I have a slight man-crush. I've previously drooled, at length, on the prowess of men such as Greg Proops and Stephen Fry. Every so often a thinker or writer comes into your life at just the right time, holding within them the power to create a substantial shift in your thinking and writing. For me, that man for 2014 has been Tom Bissell.
Tom's a journalist, critic and writer who falls into the elite literary class that I usually steer away from. His long list of contributions frequently involve The New Yorker, The New York Times and Harper's Magazine. I didn't find Tom through one of my usual half-hearted flicks through these publications (I keep meaning to get excited about capital L literature but I never quite get round to it). I found Tom on the podcast The Indoor Kids, being interviewed by gaming and comedy couple Kumail Nanjiani and Emily V. Gordon on the subject of video games
Since that interview, Tom's opened up a gateway for me on video games journalism that tackles the medium in the grounded, academic, intelligent fashion it's long-deserved. Bissell's writing is personal and bright, and his prose manages to capture the love/hate relationship between gamers and their games that is so ephemeral.
I am uninterested in whether games are better or worse than movies or novels or any other form of entertainment. More interesting to me is what games can do and how they make me feel while they are doing it. Comparing games to other forms of entertainment only serves as a reminder of what games are not. Story-telling, however, does not belong to film any more than it belongs to the novel. Films, novels, and video games are separate economies in which storytelling is the currency. The problem is that video-game storytelling, across a wide spectrum of games, too often feels counterfeit, and it is easy to tire of laundering the bills.
from Extra Lives: Why Video Games Matter, Chapter 1
While Tom's arguments are often academic and could easily hold the water of a PhD peer review, his writing never lacks a personal touch. His final essay in the collection Extra Lives: Why Video Games Matter is a devastating and hypnotic account of his addiction to playing Grand Theft Auto IV while on cocaine. Years later, his 'review' of Grand Theft Auto V, published on Grantland, is less of a review as a personal confession. He constructs the entire piece as a letter to Niko, the hero of Grand Theft Auto IV, and reads as a sad an intimate lament on the series growth, and his own. It allows him to make devastatingly personal points with relative ease:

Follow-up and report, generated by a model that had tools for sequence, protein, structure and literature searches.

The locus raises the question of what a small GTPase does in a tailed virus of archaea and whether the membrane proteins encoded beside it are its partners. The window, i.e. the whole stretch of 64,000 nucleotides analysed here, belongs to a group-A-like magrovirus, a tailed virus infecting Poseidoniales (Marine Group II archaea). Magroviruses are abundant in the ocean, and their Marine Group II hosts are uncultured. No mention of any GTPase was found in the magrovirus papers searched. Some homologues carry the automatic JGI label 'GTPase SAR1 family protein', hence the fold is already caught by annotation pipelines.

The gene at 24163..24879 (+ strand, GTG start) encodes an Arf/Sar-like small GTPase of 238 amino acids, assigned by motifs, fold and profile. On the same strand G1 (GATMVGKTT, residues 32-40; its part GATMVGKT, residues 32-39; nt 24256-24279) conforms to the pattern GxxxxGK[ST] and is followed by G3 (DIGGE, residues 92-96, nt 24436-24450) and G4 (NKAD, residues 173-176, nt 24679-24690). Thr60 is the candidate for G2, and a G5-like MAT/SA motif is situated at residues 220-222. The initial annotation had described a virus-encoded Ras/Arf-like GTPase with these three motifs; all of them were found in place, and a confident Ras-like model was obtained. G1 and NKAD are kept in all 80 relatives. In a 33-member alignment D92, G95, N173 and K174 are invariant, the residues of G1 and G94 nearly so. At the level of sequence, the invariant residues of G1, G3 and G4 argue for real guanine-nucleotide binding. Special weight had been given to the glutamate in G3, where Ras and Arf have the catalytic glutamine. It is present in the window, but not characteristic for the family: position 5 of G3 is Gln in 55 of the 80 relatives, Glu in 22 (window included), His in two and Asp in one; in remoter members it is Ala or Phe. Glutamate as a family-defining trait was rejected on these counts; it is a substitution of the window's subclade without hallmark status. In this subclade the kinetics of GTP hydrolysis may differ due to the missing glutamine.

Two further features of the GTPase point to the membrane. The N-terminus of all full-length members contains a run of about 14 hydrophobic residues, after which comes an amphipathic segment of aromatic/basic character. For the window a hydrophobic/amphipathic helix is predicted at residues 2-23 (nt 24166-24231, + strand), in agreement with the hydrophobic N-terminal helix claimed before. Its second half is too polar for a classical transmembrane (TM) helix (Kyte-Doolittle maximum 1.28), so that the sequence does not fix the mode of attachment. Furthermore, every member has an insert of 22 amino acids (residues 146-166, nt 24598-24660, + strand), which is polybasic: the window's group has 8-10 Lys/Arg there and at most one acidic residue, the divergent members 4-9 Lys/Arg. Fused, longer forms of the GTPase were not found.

Almost everyone I know who loves video games — myself included — is broken in some fundamental way. With their ceaseless activity and risk-reward compulsion loops, games also soothe broken people. This is not a criticism. Fanatical readers tend to be broken people. The type of person who goes to see four movies a week alone is a broken person. Anymedium that allows someone to spend monastic amounts of time by him- or herself, wandering the gloaming of imagination and reality, is doomed to be adored by lost, lonely people. But let’s be honest: Spending the weekend in bed reading the collected works of Joan Didion is doing different things to your mind than spending the weekend on the couch racing cars around Los Santos. Again, not a criticism. The human mind contains enough room for both types of experience. Unfortunately, the mental activity generated by playing games is not much valued by non-gamers; in fact, play is hardly ever valued within American culture, unless it involves a $13 million signing bonus. Solitary play can feel especially shameful, and we gamers have internalized that vaguely masturbatory shame, even those of us who’ve decided that solitary play can be profoundly meaningful. Niko, I’ve thought about this a lot, and internalized residual shame is the best explanation I have to account for the cesspool of negativity that sits stagnating at the center of video-game culture, which right now seems worse than it’s ever been.
Tom is a versatile writer, but his other writing has gone under appreciated. I seem to have discovered his video game writing at the worst possible time. In his interview on The Indoor Kids, he said he was unlikely to ever write about video games again. This makes his final piece, the above letter to Niko, all the more tragic. It's the subject for which he's received the most attention, but he's a wonderfully competent writer on politics and history. I've read his other collection of essays titled Magic Hours: On Creators and Creation, and found it just as much a compelling read as Extra Lives.
Tom's opened a door for me to a world I'm grateful to find. Other writers like Simon Perkins over on The New Yorker regularly writes about the world of video games in an intelligent manner. Same also for Tevis Thompson. For me, though, Tom's work holds the most potency, as his bravery and honesty make his work sparkle. Every game, after all, is a hopelessly solitary and intimate experience. The only way to truly review them or commentate on them, especially when considering narrative, is to place your own role within them front and centre. In doing this, Tom's writing feels the most accurate and exciting of most other game journos. I understand his decision to leave video game writing behind, but if he falls off the wagon, I think the industry will be better off for his continued contribution.